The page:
One of its primary recommendations was to adapt PGT delivery to provide greater flexibility and create new markets in order to achieve sustainability. Suggestions included:
- Developing dual routes This would make courses flexible by enabling students to transfer between different types of PGT courses thus providing pathway options for students who feel they made incorrect study choices and potentially support completion rates (e.g. moving from a Masters to an MPhil).
- Accrediting modules not a course This would provide the flexibility to run modules as short courses. It would also provide staged learning routes so students do not have to register for a Master’s but can enrol for a certificate or diploma and build-up to a Master’s qualification at their speed.
- Different study delivery In order to expand (with limited cost) or to maintain (due to low take up) part-time courses, phase in the use of virtual technology so learning can be undertaken remotely. Covid-19 is the opportunity to kick-start part-time study and make participation more accessible.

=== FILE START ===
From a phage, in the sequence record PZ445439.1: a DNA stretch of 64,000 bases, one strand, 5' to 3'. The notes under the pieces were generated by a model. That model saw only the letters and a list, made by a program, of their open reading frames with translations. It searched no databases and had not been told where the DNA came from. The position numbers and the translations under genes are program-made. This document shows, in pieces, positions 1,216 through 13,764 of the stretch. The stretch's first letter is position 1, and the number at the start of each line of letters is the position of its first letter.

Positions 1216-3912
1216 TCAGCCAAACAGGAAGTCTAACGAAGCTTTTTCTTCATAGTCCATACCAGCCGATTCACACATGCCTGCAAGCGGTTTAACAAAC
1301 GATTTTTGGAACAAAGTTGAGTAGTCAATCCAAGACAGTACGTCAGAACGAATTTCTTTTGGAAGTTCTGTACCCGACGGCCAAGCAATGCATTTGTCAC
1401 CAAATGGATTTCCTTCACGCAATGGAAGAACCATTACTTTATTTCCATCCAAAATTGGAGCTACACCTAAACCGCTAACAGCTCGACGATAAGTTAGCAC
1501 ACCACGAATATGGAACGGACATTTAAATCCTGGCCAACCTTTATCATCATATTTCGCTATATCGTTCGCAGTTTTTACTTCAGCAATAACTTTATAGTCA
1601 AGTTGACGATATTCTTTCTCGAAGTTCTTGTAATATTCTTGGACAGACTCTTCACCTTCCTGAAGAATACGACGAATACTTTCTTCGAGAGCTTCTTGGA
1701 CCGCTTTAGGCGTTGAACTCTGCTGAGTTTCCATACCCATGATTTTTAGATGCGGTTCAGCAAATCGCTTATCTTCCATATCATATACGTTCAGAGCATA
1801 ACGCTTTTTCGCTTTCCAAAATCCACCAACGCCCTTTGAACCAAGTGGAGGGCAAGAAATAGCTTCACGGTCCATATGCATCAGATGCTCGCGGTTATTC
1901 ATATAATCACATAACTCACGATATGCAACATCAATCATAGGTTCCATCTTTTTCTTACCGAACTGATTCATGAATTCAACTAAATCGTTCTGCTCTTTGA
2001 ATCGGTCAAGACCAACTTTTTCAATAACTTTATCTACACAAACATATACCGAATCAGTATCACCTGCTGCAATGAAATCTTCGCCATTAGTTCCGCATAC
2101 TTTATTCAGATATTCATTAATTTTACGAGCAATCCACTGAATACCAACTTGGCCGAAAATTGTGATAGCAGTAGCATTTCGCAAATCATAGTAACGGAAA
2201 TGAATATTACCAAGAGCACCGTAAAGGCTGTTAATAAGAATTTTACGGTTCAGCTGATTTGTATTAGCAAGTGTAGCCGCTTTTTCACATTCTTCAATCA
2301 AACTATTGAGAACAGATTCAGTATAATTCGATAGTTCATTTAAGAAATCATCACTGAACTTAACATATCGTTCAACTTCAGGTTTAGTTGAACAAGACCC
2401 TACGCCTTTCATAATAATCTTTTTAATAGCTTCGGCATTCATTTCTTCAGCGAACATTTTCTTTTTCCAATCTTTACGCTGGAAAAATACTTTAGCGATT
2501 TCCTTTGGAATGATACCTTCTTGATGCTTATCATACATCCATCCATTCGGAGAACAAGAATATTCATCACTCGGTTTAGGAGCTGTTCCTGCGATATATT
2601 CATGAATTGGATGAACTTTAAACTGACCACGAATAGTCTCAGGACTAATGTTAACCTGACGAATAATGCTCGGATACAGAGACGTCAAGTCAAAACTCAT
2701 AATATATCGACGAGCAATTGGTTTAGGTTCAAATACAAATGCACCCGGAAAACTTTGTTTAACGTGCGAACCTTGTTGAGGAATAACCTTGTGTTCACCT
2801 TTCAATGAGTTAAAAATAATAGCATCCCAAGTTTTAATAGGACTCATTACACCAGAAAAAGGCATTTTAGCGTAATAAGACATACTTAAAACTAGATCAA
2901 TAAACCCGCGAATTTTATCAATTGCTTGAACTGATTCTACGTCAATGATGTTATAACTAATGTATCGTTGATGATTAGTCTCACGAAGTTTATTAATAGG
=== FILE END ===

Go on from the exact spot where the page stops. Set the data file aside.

- Inter-university collaboration Universities could spread the cost of course delivery by offering a joint qualification where each institution delivers modules. This would bring innovation across the sector together.
Another key recommendation was to introduce a compulsory UCAS system for PGT study to help the planning process and identify more quickly changes in patterns of application and enrolment behaviour. Unlike undergraduate study, due to the absence of such a system, we have little understanding of postgraduate taught admissions or enrolment behaviour during the pandemic.
We don’t know whether enrolments have held up by domiciled status, how many universities may have delayed their September start until January or whether individuals did actually turn to PGT study in response to Covid-19 and the downturn in the employment market as thought could happen by the sector.
After HEFCE’s Phase 2 Scheme that provided £10,000 grants to students who were the first year to graduate under the £9,000 a year fees, the Postgraduate Loan Scheme was introduced in 2016/17.